Thousands of Tri-City parents will receive letters from their school districts in the coming days telling them their children's schools are failing.
The Kennewick School District sent out 3,000 letters to parents of students at Amistad, Edison, Eastgate, Westgate and Hawthorne elementary schools; and Park Middle School this week, district spokeswoman Robyn Chastain said.
Letters were sent to families of Richland's Jefferson Elementary School this week, and others for Sacajawea, Marcus Whitman and Tapteal elementary schools will be sent later this month. Pasco will send letters to all its families.
The letters are required after the state lost its waiver from the federal No Child Left Behind Act earlier this year. The law requires consistent academic improvement until every student is meeting standards. The inability of any one group of students to meet those benchmarks labels a school and even a district as failing.
Educators and lawmakers around the state and country have blasted those labels, saying the law is outdated and flawed.
"We don't apply that standard to anything else in our society," said Kennewick Superintendent Dave Bond.
The Tri-City districts aren't taking the tack of some of their counterparts west of the Cascades, which have included a second letter decrying the federal law. However, local district administrators said they are frustrated.
"It's frankly a nonsensical situation we have to jump through," said Richland Assistant Superintendent Erich Bolz.
Federal education officials revoked the state's waiver from No Child Left Behind earlier this year after the Legislature failed to tie teacher evaluations into student test scores. State Superintendent Randy Dorn made a final plea to Washington, D.C., in late June to not require the letters, but he was rejected.
The letters inform parents of why their child's school is failing, options to transfer to more successful schools within the district or receive additional educational support, and what the district is doing to improve the school's performance.
Unlike in Pasco, not every Kennewick or Richland parent will receive a letter. They will only be sent to those with children at schools that receive federal and state aid for low-income families and that have failed to make required academic progress for at least two years, officials said. However, those districts may have to send another letter to all district parents if the district itself is labeled as failing.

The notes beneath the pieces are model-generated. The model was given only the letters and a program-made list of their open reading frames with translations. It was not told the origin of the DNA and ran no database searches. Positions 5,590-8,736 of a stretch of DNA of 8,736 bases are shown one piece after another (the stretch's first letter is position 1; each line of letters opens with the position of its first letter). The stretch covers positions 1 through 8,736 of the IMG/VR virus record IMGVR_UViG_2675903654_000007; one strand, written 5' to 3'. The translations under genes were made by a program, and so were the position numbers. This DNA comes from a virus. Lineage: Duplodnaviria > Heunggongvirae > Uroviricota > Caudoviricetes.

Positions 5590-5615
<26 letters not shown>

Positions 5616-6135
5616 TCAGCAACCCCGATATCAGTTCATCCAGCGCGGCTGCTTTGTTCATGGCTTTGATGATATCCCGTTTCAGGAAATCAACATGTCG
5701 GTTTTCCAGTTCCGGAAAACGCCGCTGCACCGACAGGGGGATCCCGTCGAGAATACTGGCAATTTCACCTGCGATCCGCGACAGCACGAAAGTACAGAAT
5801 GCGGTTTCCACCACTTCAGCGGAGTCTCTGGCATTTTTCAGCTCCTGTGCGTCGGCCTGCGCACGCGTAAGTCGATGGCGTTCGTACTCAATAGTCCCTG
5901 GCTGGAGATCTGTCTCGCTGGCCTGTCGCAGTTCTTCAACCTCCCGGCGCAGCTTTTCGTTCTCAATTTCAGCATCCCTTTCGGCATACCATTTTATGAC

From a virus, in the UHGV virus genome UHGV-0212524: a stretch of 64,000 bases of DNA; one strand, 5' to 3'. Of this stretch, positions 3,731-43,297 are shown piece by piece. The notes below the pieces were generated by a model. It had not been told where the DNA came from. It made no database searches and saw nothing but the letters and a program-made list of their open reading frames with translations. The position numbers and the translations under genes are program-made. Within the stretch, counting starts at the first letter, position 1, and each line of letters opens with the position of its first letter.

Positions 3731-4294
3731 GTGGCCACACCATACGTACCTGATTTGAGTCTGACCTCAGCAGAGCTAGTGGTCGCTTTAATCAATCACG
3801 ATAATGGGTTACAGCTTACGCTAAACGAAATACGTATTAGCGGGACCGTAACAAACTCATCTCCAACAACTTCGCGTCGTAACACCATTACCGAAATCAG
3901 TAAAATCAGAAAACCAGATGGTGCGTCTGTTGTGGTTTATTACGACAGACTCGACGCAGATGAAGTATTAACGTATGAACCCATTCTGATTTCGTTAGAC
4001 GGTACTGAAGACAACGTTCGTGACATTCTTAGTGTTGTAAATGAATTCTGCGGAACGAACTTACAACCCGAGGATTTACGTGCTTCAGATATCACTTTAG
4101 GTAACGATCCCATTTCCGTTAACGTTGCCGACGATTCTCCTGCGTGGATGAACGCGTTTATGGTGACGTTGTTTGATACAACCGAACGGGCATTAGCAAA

Many Pasco and Kennewick families won't even be able to take advantage of the option to transfer to a better school in their district -- no Pasco schools or Kennewick elementary schools are meeting standards, so they aren't eligible to receive students.
Some Richland students could use their school's designation to move to another school, Bolz said. But some of the schools labeled as failing have been recognized as Distinguished Schools by the state and have higher test scores in some areas compared with the schools they can transfer to.
"Our parent community is generally happy with their neighborhood schools and they should be," Bolz said.
Bond agrees with a statement released by the Puget Sound Educational Service District criticizing the federal law and acknowledging the accomplishments of its schools and districts, he said. The educational service district serves districts in King and Pierce counties.
Educational Service District 123, which serves the Tri-Cities, is considering sending a similarly themed letter to parents, as are Kennewick administrators if they are required to send a district-wide letter, he said.
"Our schools aren't failing by any stretch of the imagination," Bond said.
District officials in all three local districts said their schools aren't perfect, noting the challenges facing their low-income, English language learner and special education students. But they noted that their schools are doing a good job with students and have made gains in recent years that have been recognized by the state.
"I just think it's very unfortunate that our schools are labeled as failing because of the actions of the Legislature," said Pasco Assistant Superintendent Glenda Cloud.
-- Ty Beaver: 509-582-1402; firstname.lastname@example.org; Twitter: @_tybeaver; Google+: +TyBeaverTCHerald